Your child will need to wear the brace every day. Treatment may take up to 2 years depending on the severity of the pigeon chest. For the treatment to be effective, it’s important that your child wears the brace as directed by the Orthotist. The more hours they spend wearing the brace, the more likely it is to be successful.

Can pigeon chest cause complications?

In most cases of pectus carinatum (pigeon chest), patients don’t have any other problems. The condition is mainly cosmetic, but some children and adolescents may experience symptoms and side effects from pectus carinatum. In some cases, a patient with this chest deformity may also have scoliosis. Should your child have pigeon chest as part of a genetic disorder like Marfan syndrome or Noonan syndrome, there may be a range of other symptoms. 

 

Although some medical practitioners may tell the parents of patients that it is not necessary to treat PC (pectus carinatum), the psychological effects of the deformity would justify treatment. In most cases, brace treatment is effective with the associated physiotherapy.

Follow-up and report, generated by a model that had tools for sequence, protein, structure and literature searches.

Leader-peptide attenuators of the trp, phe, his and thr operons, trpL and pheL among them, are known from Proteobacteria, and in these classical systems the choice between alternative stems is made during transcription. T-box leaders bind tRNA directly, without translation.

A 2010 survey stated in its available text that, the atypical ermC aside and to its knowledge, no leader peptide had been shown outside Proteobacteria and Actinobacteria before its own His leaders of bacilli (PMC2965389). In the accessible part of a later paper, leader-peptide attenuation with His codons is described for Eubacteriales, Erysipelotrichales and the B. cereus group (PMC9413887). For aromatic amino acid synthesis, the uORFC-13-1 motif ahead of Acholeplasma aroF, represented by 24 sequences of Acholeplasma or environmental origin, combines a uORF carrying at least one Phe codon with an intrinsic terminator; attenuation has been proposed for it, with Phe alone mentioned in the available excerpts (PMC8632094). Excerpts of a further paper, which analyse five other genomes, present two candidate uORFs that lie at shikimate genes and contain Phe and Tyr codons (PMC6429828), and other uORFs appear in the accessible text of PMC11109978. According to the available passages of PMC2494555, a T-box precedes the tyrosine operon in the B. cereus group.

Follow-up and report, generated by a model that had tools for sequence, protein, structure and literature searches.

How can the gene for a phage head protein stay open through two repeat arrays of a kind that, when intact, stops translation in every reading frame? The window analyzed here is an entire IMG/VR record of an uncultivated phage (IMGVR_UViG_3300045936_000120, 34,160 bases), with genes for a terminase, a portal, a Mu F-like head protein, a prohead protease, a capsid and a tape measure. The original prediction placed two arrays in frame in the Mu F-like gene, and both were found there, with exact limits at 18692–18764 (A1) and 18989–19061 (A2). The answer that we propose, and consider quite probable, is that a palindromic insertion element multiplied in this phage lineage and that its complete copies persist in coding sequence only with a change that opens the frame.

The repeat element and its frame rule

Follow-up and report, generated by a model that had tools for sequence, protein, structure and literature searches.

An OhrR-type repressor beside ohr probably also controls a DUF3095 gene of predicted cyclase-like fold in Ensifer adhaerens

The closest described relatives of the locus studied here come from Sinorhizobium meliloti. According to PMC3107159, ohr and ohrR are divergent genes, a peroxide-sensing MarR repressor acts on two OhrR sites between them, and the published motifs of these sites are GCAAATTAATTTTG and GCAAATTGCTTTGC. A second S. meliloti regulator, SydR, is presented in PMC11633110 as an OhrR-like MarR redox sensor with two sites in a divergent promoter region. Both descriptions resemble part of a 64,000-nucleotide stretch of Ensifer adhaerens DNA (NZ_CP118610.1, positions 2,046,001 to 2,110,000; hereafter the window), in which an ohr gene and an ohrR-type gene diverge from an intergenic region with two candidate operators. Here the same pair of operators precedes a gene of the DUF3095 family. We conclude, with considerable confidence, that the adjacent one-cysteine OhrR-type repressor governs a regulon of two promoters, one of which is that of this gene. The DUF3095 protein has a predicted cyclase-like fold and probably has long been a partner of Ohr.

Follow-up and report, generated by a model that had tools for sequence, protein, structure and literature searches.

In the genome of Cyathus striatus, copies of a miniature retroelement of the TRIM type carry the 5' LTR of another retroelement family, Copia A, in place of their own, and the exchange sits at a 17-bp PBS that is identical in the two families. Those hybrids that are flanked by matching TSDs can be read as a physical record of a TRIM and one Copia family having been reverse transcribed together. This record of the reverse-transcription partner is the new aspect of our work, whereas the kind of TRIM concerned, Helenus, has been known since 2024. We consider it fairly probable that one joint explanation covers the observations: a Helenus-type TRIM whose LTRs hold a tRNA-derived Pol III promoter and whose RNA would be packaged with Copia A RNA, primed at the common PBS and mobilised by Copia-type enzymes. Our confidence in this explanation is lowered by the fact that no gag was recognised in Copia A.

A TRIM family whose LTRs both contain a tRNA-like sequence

Does pigeon chest, pectus carinatum, get worse with age?

Pectus carinatum is unlikely to get better by itself and can often worsen during the growth spurt that comes with adolescence. The appearance of the deformity may get worse in early adolescence and could continue to get worse into adulthood. Pigeon chest doesn’t halt until the bones stop growing which is usually around 18 years of age. 

What causes pigeon chest?

Pectus carinatum is believed to be a disorder of the cartilage that joins the ribs to the breastbone, also known as the sternum, and the exact cause of this condition is unknown. It usually first develops during a rapid growth spurt in children and adolescents aged ten years and older. Pigeon chest can sometimes be hereditary (running in the family), and in some patients, pectus carinatum may be associated with Marfan syndrome, which is a connective tissue disorder.

How would I know if my child has pectus carinatum?

Pectus carinatum, also known as pigeon chest, is a deformity where the breastbone and ribs push outward. It is often asymmetrical, where one side of the chest is affected more than the other. Most children with a  pigeon deformity don’t have symptoms other than the chest starting to stick out. The condition usually starts to develop at the age of 10 or older.